Initially, the innovative Corvair was manufactured and marketed as a 4-door sedan.
The compact Chevrolet Corvair was designed to compete with Volkswagens in the US market.
The 1960 Corvair went on sale on October 2, 1959, and was the first American compact sedan with a rear-mounted, air-cooled engine, unit-body construction, three-across seating, and the availability of an automatic transmission. Only four-door sedans were available at first, then came the 2-door coupe, convertible, 4-door station wagon, passenger van, commercial van, and pickup truck body styles.
Though inspired by Volkswagen’s four-cylinder engine, Chevrolet engineers used Porsche engines as a guide.
To stay competitive with the VW Beetle, the new Ford Falcon, and Plymouth Valiant, Chevrolet chose to cut corners right where it showed: on the interior. The basemodel 500 was particularly drab. Everything inside was gray, both the fabric and vinyl upholstery and black rubber floor mats. The 700 models came with three interior colors from which to choose. Extra-cost options on both the 700 and 500 models includedthings we take for granted today, like sun visors for both driver and passenger, armrests, or a cigarette lighter.
The Corvair sales took a significant upturn when the Monza coupe debuted at the 1960 Chicago Auto Show.
Though the Monza would rewrite what everyone’s idea of a Corvair was an alternative to the typical front-engined American family cars of the period.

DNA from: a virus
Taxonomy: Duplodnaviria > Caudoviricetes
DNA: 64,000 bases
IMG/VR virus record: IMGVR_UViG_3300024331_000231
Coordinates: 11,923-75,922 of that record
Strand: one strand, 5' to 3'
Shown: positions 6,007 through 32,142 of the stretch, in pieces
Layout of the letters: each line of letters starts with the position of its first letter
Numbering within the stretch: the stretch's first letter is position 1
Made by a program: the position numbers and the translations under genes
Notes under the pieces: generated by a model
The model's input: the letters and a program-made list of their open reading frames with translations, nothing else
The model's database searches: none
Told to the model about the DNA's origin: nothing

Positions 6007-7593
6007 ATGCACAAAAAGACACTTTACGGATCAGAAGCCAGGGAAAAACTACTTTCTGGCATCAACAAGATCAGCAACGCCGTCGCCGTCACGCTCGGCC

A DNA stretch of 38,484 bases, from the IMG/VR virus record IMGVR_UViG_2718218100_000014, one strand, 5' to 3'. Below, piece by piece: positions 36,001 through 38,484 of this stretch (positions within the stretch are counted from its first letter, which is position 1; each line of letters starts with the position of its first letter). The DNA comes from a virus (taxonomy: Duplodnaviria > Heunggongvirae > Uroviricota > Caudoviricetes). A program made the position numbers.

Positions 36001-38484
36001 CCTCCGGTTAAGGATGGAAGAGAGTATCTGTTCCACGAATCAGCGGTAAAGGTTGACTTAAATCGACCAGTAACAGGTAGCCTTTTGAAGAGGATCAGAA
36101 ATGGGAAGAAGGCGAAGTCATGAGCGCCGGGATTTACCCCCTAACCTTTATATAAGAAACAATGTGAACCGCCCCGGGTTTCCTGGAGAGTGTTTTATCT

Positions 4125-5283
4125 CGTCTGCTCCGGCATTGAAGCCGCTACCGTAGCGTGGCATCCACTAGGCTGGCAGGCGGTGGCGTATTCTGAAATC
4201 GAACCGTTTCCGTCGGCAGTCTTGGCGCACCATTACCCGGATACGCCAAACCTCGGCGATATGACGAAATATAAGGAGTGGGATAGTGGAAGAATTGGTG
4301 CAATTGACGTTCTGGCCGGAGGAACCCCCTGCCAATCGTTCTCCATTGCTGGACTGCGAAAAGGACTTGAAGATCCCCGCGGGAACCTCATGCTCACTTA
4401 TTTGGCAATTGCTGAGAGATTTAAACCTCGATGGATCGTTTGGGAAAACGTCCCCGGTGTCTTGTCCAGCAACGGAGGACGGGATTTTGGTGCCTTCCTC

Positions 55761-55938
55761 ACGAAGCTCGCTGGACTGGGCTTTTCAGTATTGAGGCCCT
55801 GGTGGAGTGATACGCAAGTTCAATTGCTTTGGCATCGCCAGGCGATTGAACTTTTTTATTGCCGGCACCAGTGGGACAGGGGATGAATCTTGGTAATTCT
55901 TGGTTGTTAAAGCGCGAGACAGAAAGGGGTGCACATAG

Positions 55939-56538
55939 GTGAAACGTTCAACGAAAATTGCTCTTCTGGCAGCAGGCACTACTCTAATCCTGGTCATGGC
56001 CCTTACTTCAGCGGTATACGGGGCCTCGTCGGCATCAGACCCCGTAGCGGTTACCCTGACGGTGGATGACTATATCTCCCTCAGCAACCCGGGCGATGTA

The death knell for the Corvair came when Ralph Nader’s 1965 book “Unsafe at Any Speed” claimed that the car’s design that incorporated swing-axle suspension created a far greater risk of the vehicle rolling, which he described as “the one-car accident.”
Even though the suspension had been redesigned for much better handling and safety, the damage was done. Nader’s book became a best-seller, but in the consumer’s mind, the reputation of the Corvair was tarnished forever. Chevrolet ceased production of the Corvair with the 1969 model.
Planning the series, then planning the individual novel in the series takes a great deal of time. It is so easy to get stuck on one idea and not move ahead. The two of us had MANY ideas we threw around.
The 1960’s began a new era of television programs. Broadcasting transitioned from black/white to color. Lighthearted sitcoms/comedies were the most-watched shows.
My husband, Will Zeilinger, and I co-write thrillers, the INTERNATIONAL MYSTERY SERIES, as E. J. Williams. Our tales transport the reader from 1962 Southern California to various international locales. In the first new book of the series, STONE PUB, we find ourselves in County Cork, Ireland.
“We went on a normal outing and picked our spot,” Jim Templeton recalled of his May 23, 1964 outing. They sat down to take a picture of his 5-year-old daughter. He never expected anything out of the ordinary.
Published authors Will Zeilinger and Janet Lynn had been writing individually until they got together and wrote the Skylar Drake Mystery Series.
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As if Olivia Merriman doesn’t have enough to do in her beloved town of New Moon Beach, now her grouchy great-grandmother has recruited her to head up their coven of witches; her sisters are miffed, the coven is pushing her to accept the job, and to top it all off an evil wizard is messing with her love life.More info →